Recordings will be available for those unable to attend the live sessions, plus a bonus introductory lecture provided by Aidan Dodson, for one month after the event!

Ramesses II, commonly known as Ramesses the Great, is one of the most famous pharaohs of ancient Egypt. His reign is well-known for economic prosperity with monumental architecture and sculpture. So, how do the artistic portrayals during his reign compare to others, and how do these portraits characterise their owner?

To culminate our Visualising Egypt theme for early 2023, this study day considers the artistic traditions seen during the Ramesside Period (1292-1189 BCE) by presenting four perspectives on how people presented their image.

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Thoth granting the breath of life to the king in the Temple of Sety I, Abydos (Peter Brand and Rosalie David)

Schedule (UK)

Schedule (UK)

Bonus lecture before the event: The Rise and Fall of the House of Ramesses, Professor Aidan Dodson (University of Bristol)

12:50 Event opens for all attendees
13:00-14:00 Innovation and Tradition in the Iconography of Divine Kingship Under the Early Nineteenth Dynasty: Ramesses I, Sety I, and Ramesses II, Professor Peter J. Brand (University of Memphis)
14:00-14:15 Discussion
14:15-14:30 Refreshment Break (please do not log off the event if online)
14:30-15:30 The Cult of Ramesses the God in Art and Text, Dr Campbell Price (Manchester Museum)
15:30-16:30 Serving the King and the Gods: Monuments of Private Individuals, Jen Turner (Griffith Institute, University of Oxford)
16:30-16:45 Discussion
16:45-17:00 Refreshment Break (please do not log off the event if online)

17:00-18:00 Ramesses II’s Contribution to the Ritual Art in the Temple of Sety I at Abydos, Professor Rosalie David (University of Manchester)
18:00-18:30 Discussion
Event closes for online attendees
18:30-19:30 Wine reception
Event closes for in-person attendees

Statue of Kary, Metropolitan Museum of Art, New York 65.114 (Jen Turner)


The Egypt Exploration Society is delighted that this event is sponsored by Adams Kaye Property Law and Private Client Specialists: “Your property is our passion”. If you are interested in sponsoring future EES events then please email the EES at [email protected] for further details. 

Ramesses II presenting an offering to the gods at Temple at Wadi es-Sebua (Peter Brand)


Innovation and Tradition in the Iconography of Divine Kingship Under the Early Nineteenth Dynasty: Ramesses I, Sety I, and Ramesses II

Professor Peter J. Brand, University of Memphis

Traditions of divine kingship stretched back to the dawn of pharaonic civilization. By the New Kingdom, the Egyptians had developed a sophisticated doctrine of pharaonic divinity expressed through monumental art and architecture, literature, and iconography. By the New Kingdom, these trends reached a crescendo under Amenhotep III.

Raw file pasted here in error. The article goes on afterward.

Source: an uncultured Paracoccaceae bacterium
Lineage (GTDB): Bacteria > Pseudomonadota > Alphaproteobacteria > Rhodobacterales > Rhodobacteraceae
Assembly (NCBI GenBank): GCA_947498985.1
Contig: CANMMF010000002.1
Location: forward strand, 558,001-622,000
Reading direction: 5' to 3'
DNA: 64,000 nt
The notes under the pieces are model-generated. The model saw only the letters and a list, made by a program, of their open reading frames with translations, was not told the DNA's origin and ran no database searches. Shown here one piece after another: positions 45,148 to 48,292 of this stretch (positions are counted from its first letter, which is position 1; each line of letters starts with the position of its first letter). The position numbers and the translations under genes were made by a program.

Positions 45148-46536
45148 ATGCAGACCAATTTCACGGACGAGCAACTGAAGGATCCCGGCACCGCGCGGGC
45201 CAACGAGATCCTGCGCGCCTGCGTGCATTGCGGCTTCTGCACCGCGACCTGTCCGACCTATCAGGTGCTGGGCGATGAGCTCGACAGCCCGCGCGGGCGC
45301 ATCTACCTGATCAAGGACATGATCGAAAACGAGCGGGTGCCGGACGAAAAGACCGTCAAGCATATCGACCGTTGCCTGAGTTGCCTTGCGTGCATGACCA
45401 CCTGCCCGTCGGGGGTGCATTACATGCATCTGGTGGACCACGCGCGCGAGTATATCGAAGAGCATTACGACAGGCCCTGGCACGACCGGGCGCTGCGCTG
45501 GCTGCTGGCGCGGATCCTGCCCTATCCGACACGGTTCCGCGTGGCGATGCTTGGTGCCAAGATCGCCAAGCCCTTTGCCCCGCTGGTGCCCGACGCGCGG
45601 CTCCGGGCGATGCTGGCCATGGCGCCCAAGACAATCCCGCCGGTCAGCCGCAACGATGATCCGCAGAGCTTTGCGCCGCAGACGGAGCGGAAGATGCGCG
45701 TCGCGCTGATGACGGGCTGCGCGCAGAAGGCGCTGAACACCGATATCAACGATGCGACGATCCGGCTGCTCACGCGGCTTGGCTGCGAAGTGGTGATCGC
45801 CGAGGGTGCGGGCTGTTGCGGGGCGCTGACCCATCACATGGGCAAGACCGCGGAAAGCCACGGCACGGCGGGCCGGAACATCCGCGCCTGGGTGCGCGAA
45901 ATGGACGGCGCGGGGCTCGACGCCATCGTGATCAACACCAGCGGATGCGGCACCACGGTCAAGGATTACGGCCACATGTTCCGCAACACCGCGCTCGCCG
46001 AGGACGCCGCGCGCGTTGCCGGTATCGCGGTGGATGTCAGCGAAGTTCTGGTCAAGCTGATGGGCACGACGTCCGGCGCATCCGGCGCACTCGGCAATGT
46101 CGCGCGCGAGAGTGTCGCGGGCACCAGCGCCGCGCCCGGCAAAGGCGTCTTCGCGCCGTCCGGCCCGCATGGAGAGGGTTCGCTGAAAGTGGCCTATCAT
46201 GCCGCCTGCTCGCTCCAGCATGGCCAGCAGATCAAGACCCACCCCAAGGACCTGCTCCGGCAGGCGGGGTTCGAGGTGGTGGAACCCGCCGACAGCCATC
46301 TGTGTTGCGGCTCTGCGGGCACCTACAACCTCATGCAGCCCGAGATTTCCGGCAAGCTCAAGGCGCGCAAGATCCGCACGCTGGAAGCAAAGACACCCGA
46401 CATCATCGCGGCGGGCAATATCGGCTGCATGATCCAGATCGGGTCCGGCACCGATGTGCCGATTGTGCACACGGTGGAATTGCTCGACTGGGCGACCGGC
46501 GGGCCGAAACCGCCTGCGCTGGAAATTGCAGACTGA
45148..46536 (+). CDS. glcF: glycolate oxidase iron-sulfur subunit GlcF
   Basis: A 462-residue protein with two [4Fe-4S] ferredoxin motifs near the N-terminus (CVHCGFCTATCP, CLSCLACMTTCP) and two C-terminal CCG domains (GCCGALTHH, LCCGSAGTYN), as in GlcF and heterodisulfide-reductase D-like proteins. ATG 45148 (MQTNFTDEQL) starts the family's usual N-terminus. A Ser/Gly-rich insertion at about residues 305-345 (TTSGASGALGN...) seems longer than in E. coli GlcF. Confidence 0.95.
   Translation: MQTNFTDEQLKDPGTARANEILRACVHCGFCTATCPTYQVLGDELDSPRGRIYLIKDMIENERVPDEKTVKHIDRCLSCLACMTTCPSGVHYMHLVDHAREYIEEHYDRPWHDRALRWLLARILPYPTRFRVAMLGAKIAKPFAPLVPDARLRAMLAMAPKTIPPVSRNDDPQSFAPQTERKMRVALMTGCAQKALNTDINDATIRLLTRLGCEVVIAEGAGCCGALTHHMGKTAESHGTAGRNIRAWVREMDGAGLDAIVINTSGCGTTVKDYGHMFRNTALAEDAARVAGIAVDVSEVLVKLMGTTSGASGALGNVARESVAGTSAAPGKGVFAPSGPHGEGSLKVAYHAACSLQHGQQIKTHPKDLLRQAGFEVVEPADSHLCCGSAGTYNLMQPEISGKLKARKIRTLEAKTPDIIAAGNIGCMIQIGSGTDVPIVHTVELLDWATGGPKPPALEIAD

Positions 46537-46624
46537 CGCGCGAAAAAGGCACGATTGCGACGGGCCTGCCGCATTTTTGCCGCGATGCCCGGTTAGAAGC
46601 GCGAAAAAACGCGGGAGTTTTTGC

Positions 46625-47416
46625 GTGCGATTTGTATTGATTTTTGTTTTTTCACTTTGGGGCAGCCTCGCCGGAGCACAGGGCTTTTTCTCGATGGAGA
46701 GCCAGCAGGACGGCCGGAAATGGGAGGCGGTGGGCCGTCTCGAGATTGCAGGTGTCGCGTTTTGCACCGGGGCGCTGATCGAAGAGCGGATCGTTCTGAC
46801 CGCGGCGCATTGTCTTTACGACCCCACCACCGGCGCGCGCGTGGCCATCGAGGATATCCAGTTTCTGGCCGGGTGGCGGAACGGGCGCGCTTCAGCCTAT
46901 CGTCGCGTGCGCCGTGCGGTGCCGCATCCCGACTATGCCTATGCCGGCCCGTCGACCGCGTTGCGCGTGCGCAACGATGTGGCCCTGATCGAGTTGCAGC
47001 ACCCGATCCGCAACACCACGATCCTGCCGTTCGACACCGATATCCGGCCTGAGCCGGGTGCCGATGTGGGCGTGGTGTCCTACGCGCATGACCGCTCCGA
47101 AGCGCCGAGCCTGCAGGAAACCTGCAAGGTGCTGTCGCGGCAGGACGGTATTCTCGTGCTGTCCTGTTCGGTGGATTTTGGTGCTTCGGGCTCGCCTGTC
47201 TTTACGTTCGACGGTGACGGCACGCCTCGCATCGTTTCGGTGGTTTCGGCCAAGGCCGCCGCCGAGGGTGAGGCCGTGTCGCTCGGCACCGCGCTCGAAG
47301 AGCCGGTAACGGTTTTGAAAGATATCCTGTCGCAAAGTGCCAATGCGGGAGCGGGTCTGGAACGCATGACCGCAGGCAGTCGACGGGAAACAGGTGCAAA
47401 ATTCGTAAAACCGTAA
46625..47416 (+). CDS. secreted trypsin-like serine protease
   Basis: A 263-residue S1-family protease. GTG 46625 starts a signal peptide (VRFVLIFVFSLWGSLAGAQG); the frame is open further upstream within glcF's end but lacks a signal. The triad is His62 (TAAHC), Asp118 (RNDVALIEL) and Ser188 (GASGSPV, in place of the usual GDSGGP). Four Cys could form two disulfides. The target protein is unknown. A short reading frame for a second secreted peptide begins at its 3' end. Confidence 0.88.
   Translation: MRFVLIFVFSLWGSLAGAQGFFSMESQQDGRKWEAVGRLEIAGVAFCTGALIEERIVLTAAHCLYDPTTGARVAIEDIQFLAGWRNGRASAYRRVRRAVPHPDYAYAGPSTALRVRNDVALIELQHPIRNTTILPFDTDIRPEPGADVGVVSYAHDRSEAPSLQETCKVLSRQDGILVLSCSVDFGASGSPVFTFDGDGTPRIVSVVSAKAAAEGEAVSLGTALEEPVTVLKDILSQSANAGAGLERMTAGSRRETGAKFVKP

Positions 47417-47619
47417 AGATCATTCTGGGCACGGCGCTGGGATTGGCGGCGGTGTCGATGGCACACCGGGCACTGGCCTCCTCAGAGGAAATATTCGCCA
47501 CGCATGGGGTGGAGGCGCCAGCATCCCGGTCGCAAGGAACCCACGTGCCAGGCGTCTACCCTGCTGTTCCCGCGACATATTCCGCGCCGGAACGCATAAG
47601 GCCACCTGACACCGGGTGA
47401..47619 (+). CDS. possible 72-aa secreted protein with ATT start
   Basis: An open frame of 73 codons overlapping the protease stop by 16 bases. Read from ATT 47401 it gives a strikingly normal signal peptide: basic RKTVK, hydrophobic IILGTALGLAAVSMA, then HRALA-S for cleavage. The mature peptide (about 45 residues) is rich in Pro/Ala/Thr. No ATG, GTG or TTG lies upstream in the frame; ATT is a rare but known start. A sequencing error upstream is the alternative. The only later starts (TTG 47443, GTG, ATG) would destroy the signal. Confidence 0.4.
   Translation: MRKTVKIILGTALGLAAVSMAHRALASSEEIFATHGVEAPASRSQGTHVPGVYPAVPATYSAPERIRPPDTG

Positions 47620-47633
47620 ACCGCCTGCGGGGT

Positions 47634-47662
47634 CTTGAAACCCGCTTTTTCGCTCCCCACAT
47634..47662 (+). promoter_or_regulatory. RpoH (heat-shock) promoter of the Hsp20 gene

In establishing their ideological legitimacy, the first three kings of the Nineteenth Dynasty adapted the iconography of divine kingship to suit their ideological needs. Sety I and Ramesses II promoted the cult of their deified immediate predecessors through conspicuous filial piety. Sety I and especially Ramesses II, also established cults dedicated to their divine alter egos during their lifetimes. Ramesses II introduced a bewildering array of avatars of his divine aspect, each with unique names, epithets, and iconographic attributes. He also promoted cults of various gods “of Ramesses” like “Amun-of-Ramesses” and “Ptah-of-Ramesses.” This paper examines two-dimensional images of the deified Ramesses I, Sety I, and Ramesses II in temple art.

The Cult of Ramesses the God in Art and Text

Dr Campbell Price, Manchester Museum

Throughout his long reign, Ramesses II was worshipped through a series of divine avatars, specified by a series of names. Otherwise known chiefly for Amenhotep III, the 'cult colossi' have generated much discussion. This lecture considers a range of objects that attest to the existence of cult of the deified Ramesses, including a previously unpublished stela for the 'chief of works' on the colossus 'Re-of-Rulers' Mery-Re now in Manchester Museum. By drawing on both visual and textual references, we may characterise the nature of this very particular cult more closely.

Stela for the 'chief of works' on the colossus 'Re-of-Rulers' Mery-Re, Manchester Museum, Stela R4566 (Campbell Price)

Serving the King and the Gods: Monuments of Private Individuals

Jen Turner, Griffith Institute, University of Oxford

Throughout the New Kingdom, high-status officials continued to set up commemorative monuments of themselves and their family. While these were predominantly found in tomb contexts, the sacred temple space was also an increasingly coveted spot for elite monuments to be established through the king’s favour. Though some stylistic traits and poses mirrored royal sculpture, other exclusively non-royal styles emphasised the individual’s piety and devotion to the gods. This talk will explore surviving monuments of important men who lived and served under Ramesses II, showcasing the range of military, religious, artistic, and administrative roles performed and the biographical details and desires their statue texts preserved.  

Ramesses II’s Contribution to the Ritual Art in the Temple of Sety I at Abydos

Professor Rosalie David, University of Manchester